From my perspective, this was somewhat like comparing the noise of a 747 jumbo jet to the Space Shuttle launching. One is loud, but the other is MUCH louder. The Bassmaxx broke the sound barrier and really made quite a nuisance in New York this week.
One would have to be crazy to throw that much power at a Bassmaxx subwoofer, and it certainly wouldn't be practical for listening. I myself found that I didn't need two QSC Powerlight amplifiers to drive my Bassmaxx subs because one amplifier proved to be producing more shake than I needed. In fact, having four of those is really a waste of subwoofers. There's no way to use their full potential, both from a standpoint of indoor use and amplifier power available to drive it. Just connect it directly to the 220VAC mains--outdoors, of course. :-)
The Bassmaxx was the only system tested that could handle the full output (with ease) of the K-10 amplifier. It also produced some of the cleanest, largest output per watt of input power of the bunch. This Shootout was fun to read about. I would have loved to attend, but the wife wouldn't let me.
My latest BSW catalog came in the mail yesterday and with it, a plethora of products that promise to bring back the "tube warmth" or "vintage tube" sound, including a new line of mixers with preamps that promise to bring back the vintage 1970s sound quality. Say what? Isn't that what we high fidelity aficionados strive to move away from--anything that colors sound?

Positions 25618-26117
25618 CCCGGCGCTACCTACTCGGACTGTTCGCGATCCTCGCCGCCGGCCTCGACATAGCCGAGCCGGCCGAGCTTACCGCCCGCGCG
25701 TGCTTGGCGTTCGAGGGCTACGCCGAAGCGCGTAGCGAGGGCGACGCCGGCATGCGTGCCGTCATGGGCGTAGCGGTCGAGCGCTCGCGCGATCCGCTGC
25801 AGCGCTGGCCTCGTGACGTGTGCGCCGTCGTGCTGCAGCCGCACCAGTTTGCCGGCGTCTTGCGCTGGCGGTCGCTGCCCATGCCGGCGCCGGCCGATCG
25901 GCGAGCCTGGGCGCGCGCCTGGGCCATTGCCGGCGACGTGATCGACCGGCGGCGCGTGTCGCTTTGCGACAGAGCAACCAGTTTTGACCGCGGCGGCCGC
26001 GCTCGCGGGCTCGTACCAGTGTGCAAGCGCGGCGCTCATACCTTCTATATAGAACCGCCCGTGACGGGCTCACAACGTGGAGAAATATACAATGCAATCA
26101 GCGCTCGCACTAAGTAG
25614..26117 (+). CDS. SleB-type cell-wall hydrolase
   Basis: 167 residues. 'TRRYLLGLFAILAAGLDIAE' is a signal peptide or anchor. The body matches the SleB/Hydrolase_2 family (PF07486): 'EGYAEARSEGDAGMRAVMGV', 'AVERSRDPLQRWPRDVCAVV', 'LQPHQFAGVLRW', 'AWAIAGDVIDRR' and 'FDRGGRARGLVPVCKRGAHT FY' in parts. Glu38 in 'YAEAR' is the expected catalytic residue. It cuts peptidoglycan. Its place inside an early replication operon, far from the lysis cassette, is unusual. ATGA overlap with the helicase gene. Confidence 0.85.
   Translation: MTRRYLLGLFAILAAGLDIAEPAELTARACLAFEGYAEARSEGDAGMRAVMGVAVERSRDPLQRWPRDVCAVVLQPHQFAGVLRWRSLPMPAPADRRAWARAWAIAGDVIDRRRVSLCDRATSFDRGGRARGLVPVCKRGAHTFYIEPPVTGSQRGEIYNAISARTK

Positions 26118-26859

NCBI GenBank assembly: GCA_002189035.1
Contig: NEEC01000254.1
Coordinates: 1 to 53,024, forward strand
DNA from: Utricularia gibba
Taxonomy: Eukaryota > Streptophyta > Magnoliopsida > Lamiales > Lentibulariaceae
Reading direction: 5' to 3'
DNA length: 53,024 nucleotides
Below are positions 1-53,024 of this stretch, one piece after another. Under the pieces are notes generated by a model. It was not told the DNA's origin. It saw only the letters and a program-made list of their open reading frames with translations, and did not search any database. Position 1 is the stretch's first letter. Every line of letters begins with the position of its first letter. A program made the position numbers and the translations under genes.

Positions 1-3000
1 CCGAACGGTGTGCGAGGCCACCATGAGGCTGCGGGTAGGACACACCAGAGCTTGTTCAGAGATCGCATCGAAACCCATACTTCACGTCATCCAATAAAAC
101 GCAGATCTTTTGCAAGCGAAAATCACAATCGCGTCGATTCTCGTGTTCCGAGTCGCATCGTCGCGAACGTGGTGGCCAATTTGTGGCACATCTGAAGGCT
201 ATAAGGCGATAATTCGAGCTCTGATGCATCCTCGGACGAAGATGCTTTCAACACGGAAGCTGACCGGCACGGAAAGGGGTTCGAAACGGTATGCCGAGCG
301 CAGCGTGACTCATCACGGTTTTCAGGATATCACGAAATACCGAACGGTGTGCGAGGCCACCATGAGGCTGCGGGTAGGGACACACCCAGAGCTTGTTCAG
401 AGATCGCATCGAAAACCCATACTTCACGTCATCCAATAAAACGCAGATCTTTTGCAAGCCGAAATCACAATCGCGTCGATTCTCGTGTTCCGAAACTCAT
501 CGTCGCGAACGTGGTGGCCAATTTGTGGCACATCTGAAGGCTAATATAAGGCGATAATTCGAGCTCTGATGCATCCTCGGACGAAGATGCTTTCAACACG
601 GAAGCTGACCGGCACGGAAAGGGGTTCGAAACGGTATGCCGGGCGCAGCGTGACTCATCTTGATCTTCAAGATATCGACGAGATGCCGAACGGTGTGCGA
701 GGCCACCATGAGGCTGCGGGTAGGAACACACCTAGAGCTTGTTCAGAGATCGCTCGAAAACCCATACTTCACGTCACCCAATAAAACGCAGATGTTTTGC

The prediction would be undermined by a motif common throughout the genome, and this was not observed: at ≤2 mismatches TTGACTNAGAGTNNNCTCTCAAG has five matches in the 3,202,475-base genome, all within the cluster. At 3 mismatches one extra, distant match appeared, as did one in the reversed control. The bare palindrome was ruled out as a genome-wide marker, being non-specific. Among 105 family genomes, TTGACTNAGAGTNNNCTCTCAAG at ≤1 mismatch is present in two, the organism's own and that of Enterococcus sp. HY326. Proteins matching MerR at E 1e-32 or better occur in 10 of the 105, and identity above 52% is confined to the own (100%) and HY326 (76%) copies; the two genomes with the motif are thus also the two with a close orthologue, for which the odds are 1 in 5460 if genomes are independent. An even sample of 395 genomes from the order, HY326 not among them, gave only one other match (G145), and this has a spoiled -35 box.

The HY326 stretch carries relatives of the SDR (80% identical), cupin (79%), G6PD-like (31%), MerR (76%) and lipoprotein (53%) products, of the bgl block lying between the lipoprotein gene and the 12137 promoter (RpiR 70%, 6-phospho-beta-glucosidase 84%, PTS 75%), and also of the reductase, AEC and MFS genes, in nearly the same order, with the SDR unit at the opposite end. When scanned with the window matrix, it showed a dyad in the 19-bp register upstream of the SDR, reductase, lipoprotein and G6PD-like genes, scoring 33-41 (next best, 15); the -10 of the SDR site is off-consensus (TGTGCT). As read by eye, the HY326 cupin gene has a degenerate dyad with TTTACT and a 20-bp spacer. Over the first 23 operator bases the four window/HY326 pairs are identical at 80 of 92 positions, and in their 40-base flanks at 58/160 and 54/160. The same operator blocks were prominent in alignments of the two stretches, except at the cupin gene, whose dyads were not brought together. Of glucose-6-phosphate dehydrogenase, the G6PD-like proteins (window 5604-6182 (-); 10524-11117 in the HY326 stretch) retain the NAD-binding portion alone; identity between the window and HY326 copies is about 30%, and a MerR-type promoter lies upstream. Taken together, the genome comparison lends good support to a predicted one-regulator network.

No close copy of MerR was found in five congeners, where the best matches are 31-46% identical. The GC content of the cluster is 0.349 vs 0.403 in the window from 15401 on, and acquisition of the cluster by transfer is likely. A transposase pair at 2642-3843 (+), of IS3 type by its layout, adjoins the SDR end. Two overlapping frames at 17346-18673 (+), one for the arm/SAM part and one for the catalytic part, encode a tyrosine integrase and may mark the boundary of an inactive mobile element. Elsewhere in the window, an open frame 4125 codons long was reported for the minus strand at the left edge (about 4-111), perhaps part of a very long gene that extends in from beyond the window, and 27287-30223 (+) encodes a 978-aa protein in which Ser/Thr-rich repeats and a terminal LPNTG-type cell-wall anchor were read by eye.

Frankly, when I buy a mic preamp or a mixer, I don't want my preamps dictating the sound quality that I'll get. I just want a straight wire with gain. If I want to add "color" I'll do that in a separate process, either with an outboard processor, or with a digital algorithm in a DAW workstation.
When using a microphone and a preamp, I just want the most transparent, accurate sound possible. Not these new mics with built-in "toobs" that give me something different than what went in, on the outputs. I mean, c'mon--the industry's going back to the Stone Age and making money off this deception--rediculous!
Granted, there are legitimate uses for tube transfer functions, such as in guitar amps, where a certain mix of even-order harmonic distortion is musically-accepted as part of the sound of rock music. But putting this distortion in a mic and calling it "warm" and "vintage" and putting a $1,200 price tag on it is just plain silly.